Saturday, August 11, 2012

Notes on Exploratory Blocking

Blocking is Dialogue

I've said that a few hundred times.  If you're deaf, you should still be able to understand the action through movement, posture, and gesture.  A helpful rehearsal exercise is to have the actors move through a scene using only gibberish and their blocking.  This can be followed by having them speak only their subtext while moving through the space.

The other day I was asked about about exploratory blocking-- probably there's a better term for it but whatever that is eludes me at the moment.  At Second Wind we generally start with table work, and then put the actors up on their feet, letting them explore their movement without the director imposing his vision. This part of the rehearsal process has three primary goals:

  1. Encourage actors to follw their exstincts (which also provides ideas for the concrete blocking stage)
  2. Begin to form the "tonal" aspects of the scenes
  3. Help the actors learn their lines

The director may not be telling them what to do at this point, but he/she isn't blind and deaf in the process.  They're watching for impulses: impulses not acted upon, exciting impulses, and ones that block or contradict the action.  I start by indicating where the characters begin each scene, and then let them follow their impulses uninterrupted through to the end.  Then I adjust the beginning if necessary, and begin butting into the process.  Pointing out when they've squelched an impulse, suggesting a cross or movement.  I never stop them immediately when I have an impulse to direct, but rather let them carry through to the end of the phrase or beat.  And I do my best not explain why I'm moving them in this way.  The movement itself is supposed to bring out changes in them; it should be unconscious.  Occassionally, I'll give them an action ("harass him more; squeeze it out of her; give him more of a cold shoulder") for them to interpret physically.  I repeat each scene at least three times, giving them a chance to connect the dialogue to the action, and to explore.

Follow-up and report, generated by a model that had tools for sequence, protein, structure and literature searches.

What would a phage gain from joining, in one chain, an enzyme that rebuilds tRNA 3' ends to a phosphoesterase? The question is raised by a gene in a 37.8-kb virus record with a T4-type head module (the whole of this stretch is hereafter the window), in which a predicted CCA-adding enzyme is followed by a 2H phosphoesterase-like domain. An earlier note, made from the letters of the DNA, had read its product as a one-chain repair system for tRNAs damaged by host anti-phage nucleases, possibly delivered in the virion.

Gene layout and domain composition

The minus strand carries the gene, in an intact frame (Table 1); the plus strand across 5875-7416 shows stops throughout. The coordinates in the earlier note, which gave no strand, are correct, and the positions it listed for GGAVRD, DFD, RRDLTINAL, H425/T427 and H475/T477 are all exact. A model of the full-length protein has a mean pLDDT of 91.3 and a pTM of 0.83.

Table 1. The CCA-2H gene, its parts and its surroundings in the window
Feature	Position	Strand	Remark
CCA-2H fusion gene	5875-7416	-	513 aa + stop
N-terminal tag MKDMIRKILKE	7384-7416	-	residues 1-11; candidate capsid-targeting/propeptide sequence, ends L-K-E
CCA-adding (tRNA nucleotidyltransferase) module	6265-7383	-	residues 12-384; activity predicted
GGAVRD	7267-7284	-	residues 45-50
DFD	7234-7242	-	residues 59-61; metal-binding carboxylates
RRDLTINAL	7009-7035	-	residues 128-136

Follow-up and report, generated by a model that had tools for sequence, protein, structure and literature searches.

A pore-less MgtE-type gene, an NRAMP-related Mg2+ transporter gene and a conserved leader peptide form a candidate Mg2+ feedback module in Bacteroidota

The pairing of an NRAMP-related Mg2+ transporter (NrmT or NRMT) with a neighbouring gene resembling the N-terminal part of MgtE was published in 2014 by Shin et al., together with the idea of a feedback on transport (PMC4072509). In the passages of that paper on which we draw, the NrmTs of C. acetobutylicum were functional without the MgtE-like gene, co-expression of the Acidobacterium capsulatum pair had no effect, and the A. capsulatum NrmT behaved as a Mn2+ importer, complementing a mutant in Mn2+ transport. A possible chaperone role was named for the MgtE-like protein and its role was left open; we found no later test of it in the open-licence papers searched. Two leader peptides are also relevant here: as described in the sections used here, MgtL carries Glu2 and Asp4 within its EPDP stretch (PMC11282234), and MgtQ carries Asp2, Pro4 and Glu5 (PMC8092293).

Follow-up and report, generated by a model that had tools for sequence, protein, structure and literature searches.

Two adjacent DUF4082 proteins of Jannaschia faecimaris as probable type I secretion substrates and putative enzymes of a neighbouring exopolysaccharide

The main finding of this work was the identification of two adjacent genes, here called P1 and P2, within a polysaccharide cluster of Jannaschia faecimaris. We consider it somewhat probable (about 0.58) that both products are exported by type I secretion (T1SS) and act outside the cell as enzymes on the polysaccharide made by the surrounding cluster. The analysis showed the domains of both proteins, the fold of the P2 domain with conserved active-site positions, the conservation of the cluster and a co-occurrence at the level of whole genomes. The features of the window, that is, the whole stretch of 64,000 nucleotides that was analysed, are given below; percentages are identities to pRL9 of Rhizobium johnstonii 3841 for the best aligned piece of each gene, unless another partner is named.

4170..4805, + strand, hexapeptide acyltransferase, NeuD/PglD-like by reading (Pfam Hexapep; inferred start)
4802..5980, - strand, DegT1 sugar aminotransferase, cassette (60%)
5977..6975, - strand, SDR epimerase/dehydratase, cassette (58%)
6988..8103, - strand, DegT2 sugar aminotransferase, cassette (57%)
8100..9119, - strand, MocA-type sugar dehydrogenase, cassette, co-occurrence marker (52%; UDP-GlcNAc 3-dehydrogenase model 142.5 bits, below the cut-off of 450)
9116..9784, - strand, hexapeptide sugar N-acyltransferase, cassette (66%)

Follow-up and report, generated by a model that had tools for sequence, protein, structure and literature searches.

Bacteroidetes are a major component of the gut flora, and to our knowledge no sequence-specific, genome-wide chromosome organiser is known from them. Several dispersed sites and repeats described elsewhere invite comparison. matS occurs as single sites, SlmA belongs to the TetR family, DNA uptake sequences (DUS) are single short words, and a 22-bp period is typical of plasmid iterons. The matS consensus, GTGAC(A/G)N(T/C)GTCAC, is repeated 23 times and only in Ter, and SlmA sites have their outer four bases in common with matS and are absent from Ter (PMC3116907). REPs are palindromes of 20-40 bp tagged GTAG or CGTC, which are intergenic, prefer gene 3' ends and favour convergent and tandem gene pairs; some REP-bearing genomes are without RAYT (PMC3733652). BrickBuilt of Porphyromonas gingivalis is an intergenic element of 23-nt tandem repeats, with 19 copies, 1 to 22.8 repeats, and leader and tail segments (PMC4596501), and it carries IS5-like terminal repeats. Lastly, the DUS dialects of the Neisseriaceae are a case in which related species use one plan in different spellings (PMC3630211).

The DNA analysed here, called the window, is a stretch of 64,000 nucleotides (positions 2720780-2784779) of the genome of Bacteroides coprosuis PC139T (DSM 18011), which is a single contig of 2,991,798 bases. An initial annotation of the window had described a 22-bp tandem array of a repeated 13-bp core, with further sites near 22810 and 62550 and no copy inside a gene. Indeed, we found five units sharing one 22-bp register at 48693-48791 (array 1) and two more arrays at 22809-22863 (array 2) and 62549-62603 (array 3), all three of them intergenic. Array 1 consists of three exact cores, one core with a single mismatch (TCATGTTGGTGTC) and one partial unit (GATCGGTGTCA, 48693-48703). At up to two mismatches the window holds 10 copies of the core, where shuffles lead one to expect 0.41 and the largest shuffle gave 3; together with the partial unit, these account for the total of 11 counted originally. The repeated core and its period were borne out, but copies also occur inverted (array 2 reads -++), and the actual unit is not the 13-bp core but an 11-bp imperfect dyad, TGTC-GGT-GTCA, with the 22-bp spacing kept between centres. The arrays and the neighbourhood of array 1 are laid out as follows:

While it may appear that I haven't done any special preparation for this part of the process, the exact opposite is true.  This is the hardest part to prep for, so I've done the most.  Typically, I'll have read the section of the script we're scheduled to work on at least three times just for this day.  First, I focus on questions I have:  why did they suddenly change the subject (and how is that reason made clear in the movement?); what does this line mean?  What's the subtext?  After the first read, I try to label the scene: "The Seduction," or "Betrayal," or "Turning the Screw," or "The Knife Goes In," etc. 

On the second read I start to look at the smaller beats, noting when the scene is pulling people together, pushing them apart, and who is driving the conversation.  Is that annoyed retort a forward attack or blocking retreat?  Is he reeling in the other character, or herding, or driving?

On the final read I begin to sketch some basic movements: Act Two starts with John whispering in Alice's ear, crosses to bar for drink on this line, then she follows.  These basic movements I keep in my back pocket, only to be used if the actors seem lost on stage.

Sometimes, the scene is almost blocked by the time we're done; sometimes there's nothing I really want to keep.  That alone is a good first warning that the blocking rehearsal is going to be challenging for that section.  Which means back to the planning table. 


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